If you on a general level agree with the old established Left and happily vote for any of the socialist or social democratic parties or their liberal equivalents in the US (yes, that includes Bernie Sanders) then you’re probably not Alt-Left. If you instead see the political identity based movements in all their diverse glory, whether that’s feminism, multiculturalism and what not as the only way forward, then you’re probably not Alt-Left either. If you self-identify as Alt-Left but merely repackage the same old thoughts that have been available for the past 30 years or more, then you’re per definition not Alt-Left. But if you find that the following describes your opinions and way of thought, then you’re probably Alt-Left. Here goes:
“Your solution is thus not to abolish, but to outcompete, capitalism”
1) The market
You have a critical stance towards the forces of the market, yet knowing that it’s extremely unwise to play against them or refraining from taking the hard logic of capital into serious consideration in our highly globalized market economy. You have no illusions about planned economies and are acutely aware of the dangers of ending up as a new Venezuela. However, you likewise have no illusions about the idea of a so called free market; you know it’s just a construct made up of rules that humans have devised themselves, rules that can be changed to produce different outcomes. You know that no such thing as a “free” market could exist even in theory as the rules themselves are what constitute a market. You have never committed the fallacy of seeing the market as a natural God-given constant that therefore only generates good results (you are a leftie after all). But still you acknowledge that the chaos and widely disruptive effects of capitalism somehow, in midst of all the calamity, in some strange fashion also bring about the progress of the world – which is, after all, necessary for humanity to survive and prosper.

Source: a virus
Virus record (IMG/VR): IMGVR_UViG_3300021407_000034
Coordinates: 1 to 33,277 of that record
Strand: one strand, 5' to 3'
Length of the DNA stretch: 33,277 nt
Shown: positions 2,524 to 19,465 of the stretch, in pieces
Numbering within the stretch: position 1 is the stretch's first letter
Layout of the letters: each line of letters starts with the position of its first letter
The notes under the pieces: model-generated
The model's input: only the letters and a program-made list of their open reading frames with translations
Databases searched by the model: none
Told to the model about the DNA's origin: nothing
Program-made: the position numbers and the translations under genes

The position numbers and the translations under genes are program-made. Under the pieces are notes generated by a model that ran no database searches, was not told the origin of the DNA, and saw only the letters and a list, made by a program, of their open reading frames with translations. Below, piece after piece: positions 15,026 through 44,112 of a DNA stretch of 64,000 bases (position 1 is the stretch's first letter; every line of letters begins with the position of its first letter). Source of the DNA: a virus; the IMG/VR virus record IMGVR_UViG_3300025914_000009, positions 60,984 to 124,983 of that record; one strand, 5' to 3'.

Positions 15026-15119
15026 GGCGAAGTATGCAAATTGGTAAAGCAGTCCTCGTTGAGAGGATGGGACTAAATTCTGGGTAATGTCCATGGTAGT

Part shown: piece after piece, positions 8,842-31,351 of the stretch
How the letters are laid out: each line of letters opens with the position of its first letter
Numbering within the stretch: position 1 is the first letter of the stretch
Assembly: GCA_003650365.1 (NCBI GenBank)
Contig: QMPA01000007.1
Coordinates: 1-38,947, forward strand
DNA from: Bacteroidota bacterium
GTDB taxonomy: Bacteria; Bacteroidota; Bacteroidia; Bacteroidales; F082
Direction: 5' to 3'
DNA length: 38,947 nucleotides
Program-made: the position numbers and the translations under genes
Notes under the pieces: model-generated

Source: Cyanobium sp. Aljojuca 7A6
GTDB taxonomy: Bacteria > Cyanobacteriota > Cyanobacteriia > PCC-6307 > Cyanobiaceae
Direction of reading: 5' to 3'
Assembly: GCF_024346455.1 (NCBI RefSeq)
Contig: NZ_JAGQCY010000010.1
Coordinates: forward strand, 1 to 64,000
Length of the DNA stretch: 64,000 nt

You are as appalled with the old established Left’s sell-out attitude and resignation towards the forces of capitalism as you are dismissive of the naive “game denial” of the more rebellious postmodern challengers in regard to the hard undeniable logic of capital. You understand that capitalism can’t be abolished, and if someone tries it always has more negative consequences than positive ones. Your solution is thus not to abolish, but to outcompete, capitalism – with superior means of coordinating people’s combined economic actions while reducing the importance of monetary exchanges in society. Exchange of money capital is by definition capitalist. Only by strengthening other means of coordinating human labor and activity, can we go beyond capitalism.